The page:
Attorneys general in Arizona and Nevada filed civil lawsuits Friday against Bank of America Corp., alleging that the lender is misleading and deceiving homeowners who have tried to modify mortgages in two of the nation's most foreclosure-damaged states.
Bank of America violated Arizona's consumer fraud law by misleading consumers who tried to reduce their monthly payments to keep their homes, state Attorney General Terry Goddard said. The bank also violated the terms of a 2009 consent agreement requiring its Countrywide mortgage subsidiary to implement a loan modification program, the Arizona lawsuit alleges.
Hundreds of homeowners kept making their mortgage payments because Bank of America repeatedly assured them that their loans were being modified, Goddard said. Instead, many lost their homes anyway.
"Those people could have used that money for something else," Goddard told The Associated Press. "They were deceived into continuing to make mortgage payments when they had no hope of saving their homes."
Nevada Attorney General Catherine Cortez Masto told the AP that the Silver State's lawsuit was a last resort to try to get the bank to change its ways. It was filed after several discussions with bank managers led to assurances but little more.
"Clearly there is a disconnect between what Bank of America tells me at the management level and what's happening on the front line," Masto said.
Masto said separate lawsuits show the bank's problems with consumers are widespread.
"The only thing that I'm asking is that (Bank of America) give them a reasonable response in a timely manner," she said. "It is, in my perspective, a callous disregard for what we are telling them."
Nevada and Arizona are among the states hardest hit by homeowners who have defaulted on mortgages in the last few years as adjustable payments soared, people lost their jobs, and home values collapsed. One out of every 99 households in Nevada received a foreclosure notice last month, according to RealtyTrac Inc., and Arizona's rate wasn't far behind.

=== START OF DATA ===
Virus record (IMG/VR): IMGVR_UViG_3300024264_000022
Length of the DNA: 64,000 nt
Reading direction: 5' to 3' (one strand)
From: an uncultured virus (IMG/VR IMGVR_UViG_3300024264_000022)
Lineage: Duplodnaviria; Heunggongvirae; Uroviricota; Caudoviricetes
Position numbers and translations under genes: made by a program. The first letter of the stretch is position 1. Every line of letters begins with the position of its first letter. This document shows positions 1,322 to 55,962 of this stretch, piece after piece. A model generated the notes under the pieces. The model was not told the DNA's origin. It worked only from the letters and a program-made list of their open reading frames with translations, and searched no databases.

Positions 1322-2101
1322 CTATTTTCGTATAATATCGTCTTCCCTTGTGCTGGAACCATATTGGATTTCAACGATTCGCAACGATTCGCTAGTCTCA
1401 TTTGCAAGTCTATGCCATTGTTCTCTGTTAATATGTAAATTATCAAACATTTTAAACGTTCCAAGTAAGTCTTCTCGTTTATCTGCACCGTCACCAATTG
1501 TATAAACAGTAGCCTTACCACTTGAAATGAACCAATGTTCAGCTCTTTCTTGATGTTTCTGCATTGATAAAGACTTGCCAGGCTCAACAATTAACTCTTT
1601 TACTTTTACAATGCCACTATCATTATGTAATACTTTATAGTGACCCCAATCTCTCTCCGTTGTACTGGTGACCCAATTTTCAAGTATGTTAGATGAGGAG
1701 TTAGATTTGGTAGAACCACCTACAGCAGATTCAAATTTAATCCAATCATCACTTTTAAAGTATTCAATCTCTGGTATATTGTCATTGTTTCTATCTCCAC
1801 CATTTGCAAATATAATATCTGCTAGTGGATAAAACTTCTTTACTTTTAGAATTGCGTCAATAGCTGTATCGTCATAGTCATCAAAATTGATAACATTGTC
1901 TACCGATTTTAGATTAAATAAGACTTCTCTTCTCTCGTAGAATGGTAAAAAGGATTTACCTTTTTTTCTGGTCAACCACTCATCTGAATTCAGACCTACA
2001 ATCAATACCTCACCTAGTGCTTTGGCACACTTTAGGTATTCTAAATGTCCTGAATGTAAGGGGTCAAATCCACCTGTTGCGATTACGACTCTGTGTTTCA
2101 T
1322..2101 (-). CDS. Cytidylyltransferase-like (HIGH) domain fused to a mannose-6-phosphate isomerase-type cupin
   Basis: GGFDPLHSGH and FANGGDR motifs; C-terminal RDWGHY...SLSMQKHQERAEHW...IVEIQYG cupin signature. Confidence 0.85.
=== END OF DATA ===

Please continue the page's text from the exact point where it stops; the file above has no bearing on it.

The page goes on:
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The Arizona attorney general's office was deluged with consumer complaints and launched an investigation more than a year ago, Goddard said. Settlement talks with Bank of America began in April but ultimately collapsed Thursday.
Goddard, a Democrat, is leaving office in January after an unsuccessful run for governor and will be replaced by Republican Tom Horne. A Bank of America spokesman criticized Goddard for filing the lawsuit in his last days in office while multistate negotiations on foreclosures were under way.
Dan Frahm, a senior vice president for the Charlotte, N.C.-based bank, said it shares the attorneys general's goal of helping homeowners. "We are disappointed that the suits were filed at this time, however, because we and other major servicers are currently engaged in multistate discussions led by Attorney General (Tom) Miller in Iowa to try to address foreclosure related issues more comprehensively," Frahm said in an e-mailed statement.
"Bank of America has been a cooperative partner with the attorneys general, has worked with state leaders to evolve programs and resources to broaden assistance to distressed customers, and we are already under way with further improvements to our processes and programs for Bank of America customers," Frahm said.
Bank of America has completed nearly 750,000 loan modifications and has foreclosed on fewer than half that many homes, Frahm said. Many of the foreclosures did not qualify for loan modifications.
The Arizona lawsuit, filed in Maricopa County Superior Court, alleges that the bank has repeatedly violated an October 2008 consent agreement between Bank of America and 11 states requiring the bank's Countrywide subsidiary to modify hundreds of thousands of loans. Arizona's agreement was finalized in 2009.
Countrywide was accused of engaging in widespread deceptive practices with its customers, and Bank of America agreed to reduce principal or interest payments by up to $8.4 billion on those loans.
But Bank of America, which had acquired Countrywide in July 2008, failed to make timely decisions on modification requests and went ahead with foreclosures, Goddard said.
Bank of America is the No. 1 loan servicer in both Arizona and Nevada. It's also tops in complaints to Arizona regulators, and not just because of its size, Goddard said.
"They're head and shoulders above any other financial institution," he said. "Nobody's got a great record, but Bank of America's is worse than any of them.
Friday's lawsuit in Arizona asks for contempt citations against the bank for violating the consent agreement. It also seeks restitution for consumers, civil penalties, legal fees, plus $25,000 for each consent agreement violation and up to $10,000 for each violation of the Arizona Consumer Fraud Act.
Nevada's complaint accuses the bank of operating its loan modification program in violation of the Nevada Deceptive Trade Practices Act. It seeks civil penalties and restitution along with other fees.
Bank of America shares rose 5 cents to $12.57 Friday.
Associated Press writer Oskar Garcia in Las Vegas contributed to this report.
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